Brenda Stubbert and Melissa Emmons
at the Skye Theater in South Carthage, Maine

Event Description

Thursday, 2007 March 8
19h-21h30 (jam session at 18h30)
Skye Theater (New England Celtic Arts), 2 Highland Drive (off Winter Hill Road), South Carthage, Maine
A “house concert” featuring the Cape Bretoners Brenda Stubbert on fiddle and Melissa Emmons on piano; see the concert poster here.
$10.00 by advance reservation by phone at +1 (207) 562-4445 (which answers as McIntyre Auctions) or via e-mail to Phill McIntyre


Brenda Stubbert and Melissa Emmons jamming

Brenda Stubbert on fiddle accompanied by Melissa Emmons on keyboards

Brenda Stubbert on keyboards doing a solo

Melissa Emmons on fiddle accompanied by Brenda Stubbert on keyboards

Phil McIntyre watches the concert

Review for the Cape Breton Music List
(Posted 2007 March 11)[1]

Thursday evening in the mountains of western Maine, the Skye Theater’s 2007 concert season began with a fine evening of music performed by Brenda Stubbert and Melissa Emmons. I am indebted to Phill McIntyre for letting me know of this fine concert, as otherwise I’d have missed out on it (we need a Maine person to keep the list posted on all that’s going on there—there seems to be a lot!).

This list’s readers will need no introduction to Brenda Stubbert, the talented Cape Breton fiddler and pianist who is equally renowned as the composer of many fiddle tunes which have entered the Cape Breton repertoire. Except for those from Inverness County, they are likely to be much less familiar with Melissa Emmons, who is originally from New England but has lived in Cape Breton for eleven years now. She is an avid fan of Cape Breton music and an adept at both piano and fiddle (though I was unaware of her as a fiddler until Thursday night). I had seen her at a couple of dances in Cape Breton where she accompanied a fiddler while the evening’s accompanist took a break and had taken note that the author and Cape Breton Post columnist, Rannie Gillis, mentions in his book This is Not the Mainland, Either (ISBN 1-55109-341-3, p. 92). published in 2000, that “a very talented young lady by the name of Melissa Emmons was on the piano” at a cèilidh he attended. But, until Thursday, I had not had the opportunity to hear her play for an extended period of time nor in a concert setting as she is neither part of the concert scene in Cape Breton nor does she play for entire dances, so I was very curious to hear her perform—so curious that I set out at first light on a bright, sunny, though bitterly cold day (below freezing when I left New Jersey and downright arctic when I arrived in the Maine mountains, made colder still by a gusty wind) for the long drive to South Carthage, Maine (a bit short of 500 miles).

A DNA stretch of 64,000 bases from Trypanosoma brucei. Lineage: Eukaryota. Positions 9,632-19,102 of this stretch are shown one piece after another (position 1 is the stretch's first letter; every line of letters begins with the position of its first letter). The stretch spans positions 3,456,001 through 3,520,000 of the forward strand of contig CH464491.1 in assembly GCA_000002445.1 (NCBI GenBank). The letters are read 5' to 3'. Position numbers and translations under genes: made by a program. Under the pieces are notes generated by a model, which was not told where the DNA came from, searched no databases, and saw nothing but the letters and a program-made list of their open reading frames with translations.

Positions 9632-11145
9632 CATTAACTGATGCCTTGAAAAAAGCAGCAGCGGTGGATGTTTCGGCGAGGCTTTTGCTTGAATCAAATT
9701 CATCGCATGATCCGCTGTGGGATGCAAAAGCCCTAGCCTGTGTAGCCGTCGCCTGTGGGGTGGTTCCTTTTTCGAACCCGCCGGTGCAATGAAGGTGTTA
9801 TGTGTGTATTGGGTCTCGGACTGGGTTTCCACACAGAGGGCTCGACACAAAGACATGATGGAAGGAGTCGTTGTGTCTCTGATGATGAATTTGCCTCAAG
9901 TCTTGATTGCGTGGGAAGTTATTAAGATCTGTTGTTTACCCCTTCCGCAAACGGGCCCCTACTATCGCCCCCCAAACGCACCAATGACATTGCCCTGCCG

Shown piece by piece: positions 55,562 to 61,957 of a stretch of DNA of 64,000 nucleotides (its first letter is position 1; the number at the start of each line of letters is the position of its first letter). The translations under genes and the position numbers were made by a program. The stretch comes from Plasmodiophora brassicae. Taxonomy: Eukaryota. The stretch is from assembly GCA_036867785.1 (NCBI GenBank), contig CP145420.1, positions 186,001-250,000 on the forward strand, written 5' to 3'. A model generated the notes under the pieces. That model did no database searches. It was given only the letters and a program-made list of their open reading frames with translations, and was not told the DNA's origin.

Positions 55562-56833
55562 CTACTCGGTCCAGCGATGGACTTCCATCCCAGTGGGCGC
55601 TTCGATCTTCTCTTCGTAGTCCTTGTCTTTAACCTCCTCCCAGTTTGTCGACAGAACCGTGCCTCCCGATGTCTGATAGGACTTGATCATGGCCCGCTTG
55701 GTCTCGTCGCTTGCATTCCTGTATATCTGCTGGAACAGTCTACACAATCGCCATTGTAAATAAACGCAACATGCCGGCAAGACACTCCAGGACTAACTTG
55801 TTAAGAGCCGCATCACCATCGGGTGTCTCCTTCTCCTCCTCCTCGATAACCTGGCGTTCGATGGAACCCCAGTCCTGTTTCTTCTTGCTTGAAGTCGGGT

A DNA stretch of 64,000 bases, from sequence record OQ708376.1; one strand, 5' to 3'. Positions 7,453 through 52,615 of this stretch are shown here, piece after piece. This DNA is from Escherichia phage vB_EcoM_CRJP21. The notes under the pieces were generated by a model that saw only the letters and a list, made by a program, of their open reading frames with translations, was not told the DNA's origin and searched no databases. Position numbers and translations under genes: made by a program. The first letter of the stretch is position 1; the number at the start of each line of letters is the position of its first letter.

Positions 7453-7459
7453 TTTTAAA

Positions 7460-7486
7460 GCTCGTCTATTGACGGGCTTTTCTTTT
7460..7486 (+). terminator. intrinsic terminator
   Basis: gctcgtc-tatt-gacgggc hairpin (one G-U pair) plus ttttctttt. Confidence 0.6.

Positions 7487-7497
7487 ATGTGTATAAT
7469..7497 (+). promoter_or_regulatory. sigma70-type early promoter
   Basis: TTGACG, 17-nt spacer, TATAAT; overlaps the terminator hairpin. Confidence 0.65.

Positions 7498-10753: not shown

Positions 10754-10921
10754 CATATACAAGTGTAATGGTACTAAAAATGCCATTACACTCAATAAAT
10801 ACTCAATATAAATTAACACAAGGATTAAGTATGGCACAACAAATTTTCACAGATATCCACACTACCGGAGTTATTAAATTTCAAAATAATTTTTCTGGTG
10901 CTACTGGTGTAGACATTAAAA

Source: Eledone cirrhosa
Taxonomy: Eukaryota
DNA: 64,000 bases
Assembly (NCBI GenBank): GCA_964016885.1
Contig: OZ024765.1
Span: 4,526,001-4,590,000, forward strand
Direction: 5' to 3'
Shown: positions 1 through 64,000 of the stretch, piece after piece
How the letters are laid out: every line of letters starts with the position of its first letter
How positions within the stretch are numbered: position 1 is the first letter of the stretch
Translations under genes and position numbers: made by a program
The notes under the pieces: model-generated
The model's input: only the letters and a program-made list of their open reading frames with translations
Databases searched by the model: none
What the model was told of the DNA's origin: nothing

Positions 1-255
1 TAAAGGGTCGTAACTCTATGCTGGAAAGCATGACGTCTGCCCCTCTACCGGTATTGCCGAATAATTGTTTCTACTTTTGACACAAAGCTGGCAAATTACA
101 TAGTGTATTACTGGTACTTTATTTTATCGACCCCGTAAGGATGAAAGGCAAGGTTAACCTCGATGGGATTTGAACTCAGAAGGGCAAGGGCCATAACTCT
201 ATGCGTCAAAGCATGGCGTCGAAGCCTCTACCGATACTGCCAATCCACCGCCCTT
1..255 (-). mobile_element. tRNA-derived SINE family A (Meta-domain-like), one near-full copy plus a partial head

This concert is part of a swing through New England to promote Brenda’s newest publication, Brenda Stubbert: The Second Collection: A Totally New Compilation of Traditional and Original Melodies complete with piano chords arranged by Melissa Emmons & Brenda Stubbert (ISBN 13: 978-0-9782456-0-3; ISBN 10: 0-9782456-0-1), one of Paul Cranford’s fine publications available here (and doubtless at many other outlets in Cape Breton). The book is intended to document what Brenda is playing and has featured on her CD's, not all of which are her own tunes, although many are. When I opened up the new book, the first tune I saw was Compliments to Melissa Emmons, a jig Brenda wrote in her honour, on p. 55 (it also appears on track 1 of Brenda’s Music All Around from 2003). Melissa’s contribution to the book was to add chords to Paul’s transcriptions and then collaborate with Brenda at the piano to arrive at the final chording arrangements.